Sale of Advertisement Space on Web held liable to Service Tax
The Authority for Advance Ruling ("AAR") for Service Tax has held last week that Google Online India Pvt Ltd, ("Google India"), a wholly owned subsidiary of the United States based Google International LLC, would be liable to pay service tax on selling advertisement space to Indian entities in its search site. This can set a precedent for search engines with offices in India falling within the ambit of this tax.
Google India had approached the AAR - Service Tax to determine whether providing selling space for advertisement on the website would be exempt from service tax or fall within the meaning of " advertisement service ", " computer network service " , " business auxiliary service " or any other taxable service.
Google India had argued that it did not provide any service involving making and display of advertisements but merely engaged in space-selling activity on Google India's own website and other websites with which it had entered into a syndication agreement. However, the Commissionerate of service tax pointed out that the definition of advertisement space was wide enough to include providing of advertisement service on the Internet by the applicant. Even mere providing or selling of space for advertisement is itself a service connected with display or exhibition of advertisements and hence will fall within the tax net as advertisement service.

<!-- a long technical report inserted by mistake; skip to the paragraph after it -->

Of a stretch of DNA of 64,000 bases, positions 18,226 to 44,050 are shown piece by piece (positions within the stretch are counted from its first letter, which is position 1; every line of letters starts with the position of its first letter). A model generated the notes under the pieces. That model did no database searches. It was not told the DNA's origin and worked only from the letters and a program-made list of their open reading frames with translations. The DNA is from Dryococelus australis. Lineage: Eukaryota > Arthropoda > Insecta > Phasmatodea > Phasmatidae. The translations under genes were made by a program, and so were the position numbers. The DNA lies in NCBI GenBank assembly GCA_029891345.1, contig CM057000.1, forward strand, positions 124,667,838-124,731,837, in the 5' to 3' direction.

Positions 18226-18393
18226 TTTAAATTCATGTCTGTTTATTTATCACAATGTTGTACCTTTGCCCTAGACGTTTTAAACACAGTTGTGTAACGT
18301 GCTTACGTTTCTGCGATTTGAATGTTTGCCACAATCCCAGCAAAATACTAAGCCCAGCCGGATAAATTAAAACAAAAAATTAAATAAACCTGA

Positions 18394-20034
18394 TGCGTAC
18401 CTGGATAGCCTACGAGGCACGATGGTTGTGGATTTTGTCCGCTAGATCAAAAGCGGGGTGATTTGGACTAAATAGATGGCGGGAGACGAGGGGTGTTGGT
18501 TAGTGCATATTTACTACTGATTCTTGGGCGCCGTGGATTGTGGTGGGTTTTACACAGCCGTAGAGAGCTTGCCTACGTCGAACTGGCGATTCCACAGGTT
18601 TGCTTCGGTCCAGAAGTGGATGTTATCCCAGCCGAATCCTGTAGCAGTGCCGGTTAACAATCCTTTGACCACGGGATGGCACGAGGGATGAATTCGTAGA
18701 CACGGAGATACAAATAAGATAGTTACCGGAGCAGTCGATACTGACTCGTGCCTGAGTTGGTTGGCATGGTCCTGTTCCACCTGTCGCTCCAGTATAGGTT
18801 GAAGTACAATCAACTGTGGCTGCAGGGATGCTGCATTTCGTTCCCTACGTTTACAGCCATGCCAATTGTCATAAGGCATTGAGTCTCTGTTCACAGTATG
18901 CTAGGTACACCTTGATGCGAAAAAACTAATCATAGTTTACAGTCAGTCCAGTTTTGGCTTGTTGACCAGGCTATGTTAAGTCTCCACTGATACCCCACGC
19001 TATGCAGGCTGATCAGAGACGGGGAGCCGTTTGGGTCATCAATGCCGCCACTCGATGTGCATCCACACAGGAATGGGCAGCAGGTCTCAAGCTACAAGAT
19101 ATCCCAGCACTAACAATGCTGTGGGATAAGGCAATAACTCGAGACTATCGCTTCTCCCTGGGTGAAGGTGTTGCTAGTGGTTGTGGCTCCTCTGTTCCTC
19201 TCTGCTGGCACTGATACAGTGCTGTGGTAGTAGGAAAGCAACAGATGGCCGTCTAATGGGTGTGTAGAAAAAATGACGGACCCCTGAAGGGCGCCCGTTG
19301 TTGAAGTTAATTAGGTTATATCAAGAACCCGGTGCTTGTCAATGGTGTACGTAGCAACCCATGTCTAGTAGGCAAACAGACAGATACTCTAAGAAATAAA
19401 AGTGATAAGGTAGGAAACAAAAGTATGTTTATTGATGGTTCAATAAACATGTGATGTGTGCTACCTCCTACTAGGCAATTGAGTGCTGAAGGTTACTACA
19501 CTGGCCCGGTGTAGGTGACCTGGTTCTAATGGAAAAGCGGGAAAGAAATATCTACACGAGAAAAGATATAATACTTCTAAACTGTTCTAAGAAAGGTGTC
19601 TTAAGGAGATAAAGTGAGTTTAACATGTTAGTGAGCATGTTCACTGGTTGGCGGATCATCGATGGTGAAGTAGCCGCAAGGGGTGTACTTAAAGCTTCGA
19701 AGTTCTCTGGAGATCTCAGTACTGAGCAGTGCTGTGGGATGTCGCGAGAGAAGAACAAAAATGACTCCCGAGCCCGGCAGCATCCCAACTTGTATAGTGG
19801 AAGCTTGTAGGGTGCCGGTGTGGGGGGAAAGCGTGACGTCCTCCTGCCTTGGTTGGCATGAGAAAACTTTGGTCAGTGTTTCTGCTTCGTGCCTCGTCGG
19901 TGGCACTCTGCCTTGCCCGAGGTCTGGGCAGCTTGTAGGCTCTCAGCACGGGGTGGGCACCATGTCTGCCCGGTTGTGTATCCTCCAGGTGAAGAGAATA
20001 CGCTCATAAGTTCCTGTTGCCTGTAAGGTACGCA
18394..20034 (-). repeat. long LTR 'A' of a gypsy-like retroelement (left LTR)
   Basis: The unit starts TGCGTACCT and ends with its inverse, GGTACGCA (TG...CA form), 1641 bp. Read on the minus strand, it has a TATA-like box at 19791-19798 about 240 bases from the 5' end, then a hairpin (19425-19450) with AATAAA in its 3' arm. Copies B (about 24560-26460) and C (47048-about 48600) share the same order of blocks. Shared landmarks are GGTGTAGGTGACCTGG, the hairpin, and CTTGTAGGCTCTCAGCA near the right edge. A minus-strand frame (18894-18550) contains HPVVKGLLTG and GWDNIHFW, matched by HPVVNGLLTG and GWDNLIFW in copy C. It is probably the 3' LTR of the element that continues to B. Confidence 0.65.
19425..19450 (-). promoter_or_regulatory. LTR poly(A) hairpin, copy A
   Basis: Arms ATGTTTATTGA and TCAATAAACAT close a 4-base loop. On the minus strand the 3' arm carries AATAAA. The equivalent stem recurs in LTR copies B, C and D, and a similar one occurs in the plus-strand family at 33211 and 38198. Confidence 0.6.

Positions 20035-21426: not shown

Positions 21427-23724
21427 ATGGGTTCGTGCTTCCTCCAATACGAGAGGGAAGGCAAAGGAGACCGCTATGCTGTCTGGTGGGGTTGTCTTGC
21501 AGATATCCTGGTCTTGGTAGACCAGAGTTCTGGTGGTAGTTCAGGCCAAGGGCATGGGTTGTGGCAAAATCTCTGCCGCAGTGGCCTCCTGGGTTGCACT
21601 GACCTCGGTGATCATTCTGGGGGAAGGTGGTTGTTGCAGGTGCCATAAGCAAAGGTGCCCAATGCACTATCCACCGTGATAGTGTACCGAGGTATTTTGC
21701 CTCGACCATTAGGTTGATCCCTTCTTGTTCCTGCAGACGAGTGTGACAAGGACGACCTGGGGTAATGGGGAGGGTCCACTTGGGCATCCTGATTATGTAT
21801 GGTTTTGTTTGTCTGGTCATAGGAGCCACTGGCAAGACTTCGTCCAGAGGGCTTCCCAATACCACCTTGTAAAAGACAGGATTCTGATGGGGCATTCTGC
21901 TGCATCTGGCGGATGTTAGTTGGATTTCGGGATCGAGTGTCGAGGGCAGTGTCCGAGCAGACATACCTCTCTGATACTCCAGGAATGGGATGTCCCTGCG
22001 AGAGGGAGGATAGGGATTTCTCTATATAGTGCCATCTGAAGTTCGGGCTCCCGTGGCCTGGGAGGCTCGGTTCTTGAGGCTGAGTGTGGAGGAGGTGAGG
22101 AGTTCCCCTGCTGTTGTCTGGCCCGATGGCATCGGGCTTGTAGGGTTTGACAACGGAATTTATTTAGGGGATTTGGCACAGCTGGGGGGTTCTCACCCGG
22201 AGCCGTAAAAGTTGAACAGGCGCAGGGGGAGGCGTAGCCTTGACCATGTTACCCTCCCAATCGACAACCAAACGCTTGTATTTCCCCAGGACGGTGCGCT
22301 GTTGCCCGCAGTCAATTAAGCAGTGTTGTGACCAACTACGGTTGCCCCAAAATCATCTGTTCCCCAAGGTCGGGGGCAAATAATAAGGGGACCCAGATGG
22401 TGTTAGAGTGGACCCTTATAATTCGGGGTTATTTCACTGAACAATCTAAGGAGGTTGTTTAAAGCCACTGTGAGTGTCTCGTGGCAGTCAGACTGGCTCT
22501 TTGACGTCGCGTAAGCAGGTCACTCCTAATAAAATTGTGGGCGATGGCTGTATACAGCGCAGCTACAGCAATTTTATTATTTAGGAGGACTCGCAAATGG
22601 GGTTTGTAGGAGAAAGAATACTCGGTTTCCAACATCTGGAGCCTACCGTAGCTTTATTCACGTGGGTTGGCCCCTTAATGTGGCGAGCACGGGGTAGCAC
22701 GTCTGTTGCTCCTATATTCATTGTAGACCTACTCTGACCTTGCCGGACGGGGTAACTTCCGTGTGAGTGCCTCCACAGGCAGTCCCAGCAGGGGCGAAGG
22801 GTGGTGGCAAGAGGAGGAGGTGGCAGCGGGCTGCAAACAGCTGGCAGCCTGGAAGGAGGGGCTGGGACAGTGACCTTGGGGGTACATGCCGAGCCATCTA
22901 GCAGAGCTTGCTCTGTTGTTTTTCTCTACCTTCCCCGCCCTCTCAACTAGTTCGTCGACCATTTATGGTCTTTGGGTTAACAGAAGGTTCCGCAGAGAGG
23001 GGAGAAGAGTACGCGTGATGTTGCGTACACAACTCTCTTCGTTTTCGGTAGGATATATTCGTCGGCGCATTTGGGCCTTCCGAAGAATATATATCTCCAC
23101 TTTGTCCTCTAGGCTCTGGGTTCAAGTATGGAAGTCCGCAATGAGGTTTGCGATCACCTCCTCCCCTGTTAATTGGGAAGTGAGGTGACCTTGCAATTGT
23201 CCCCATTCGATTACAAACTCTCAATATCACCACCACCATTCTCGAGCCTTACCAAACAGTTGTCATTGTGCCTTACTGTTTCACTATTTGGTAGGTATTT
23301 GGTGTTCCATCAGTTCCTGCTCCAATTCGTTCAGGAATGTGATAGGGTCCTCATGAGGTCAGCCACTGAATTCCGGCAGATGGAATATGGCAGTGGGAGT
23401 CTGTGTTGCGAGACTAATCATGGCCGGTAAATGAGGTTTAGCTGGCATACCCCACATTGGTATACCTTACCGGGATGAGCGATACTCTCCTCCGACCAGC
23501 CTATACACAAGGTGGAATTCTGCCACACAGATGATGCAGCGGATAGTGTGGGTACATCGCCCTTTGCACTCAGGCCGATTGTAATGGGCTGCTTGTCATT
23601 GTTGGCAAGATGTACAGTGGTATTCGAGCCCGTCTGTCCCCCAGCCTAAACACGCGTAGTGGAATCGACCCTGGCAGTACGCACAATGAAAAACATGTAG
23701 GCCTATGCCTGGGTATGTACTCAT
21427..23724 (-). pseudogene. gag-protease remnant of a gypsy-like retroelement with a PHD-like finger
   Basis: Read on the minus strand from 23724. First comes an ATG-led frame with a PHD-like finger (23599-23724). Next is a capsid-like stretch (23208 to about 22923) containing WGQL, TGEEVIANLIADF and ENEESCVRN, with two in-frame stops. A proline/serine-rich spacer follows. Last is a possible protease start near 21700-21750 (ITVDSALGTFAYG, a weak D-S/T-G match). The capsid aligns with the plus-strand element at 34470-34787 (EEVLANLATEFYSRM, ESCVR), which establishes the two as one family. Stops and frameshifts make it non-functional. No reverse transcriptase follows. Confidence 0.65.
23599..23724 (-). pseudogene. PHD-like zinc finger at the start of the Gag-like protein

The AAR analyzed the activities of Google India and held that the activity of selling space on the website would tantamount to providing a service to advertisers and clients and thus, would be covered by the definition of "advertising agency". The AAR pointed out that the finance ministry, in 1996, had made it clear in the context of "advertising agency" definition that the scope of the service which is included in the tax net extends not only to any service connected with the making and preparation of advertisements but also includes services connected with display or exhibition of advertisements.
It should be noted that a ruling of the AAR is only binding on the applicant- Google India and the Service Tax Department. Though it does not set a precedent, it would have persuasive value in similar circumstances.
Source: Business Standard , December 22, 2005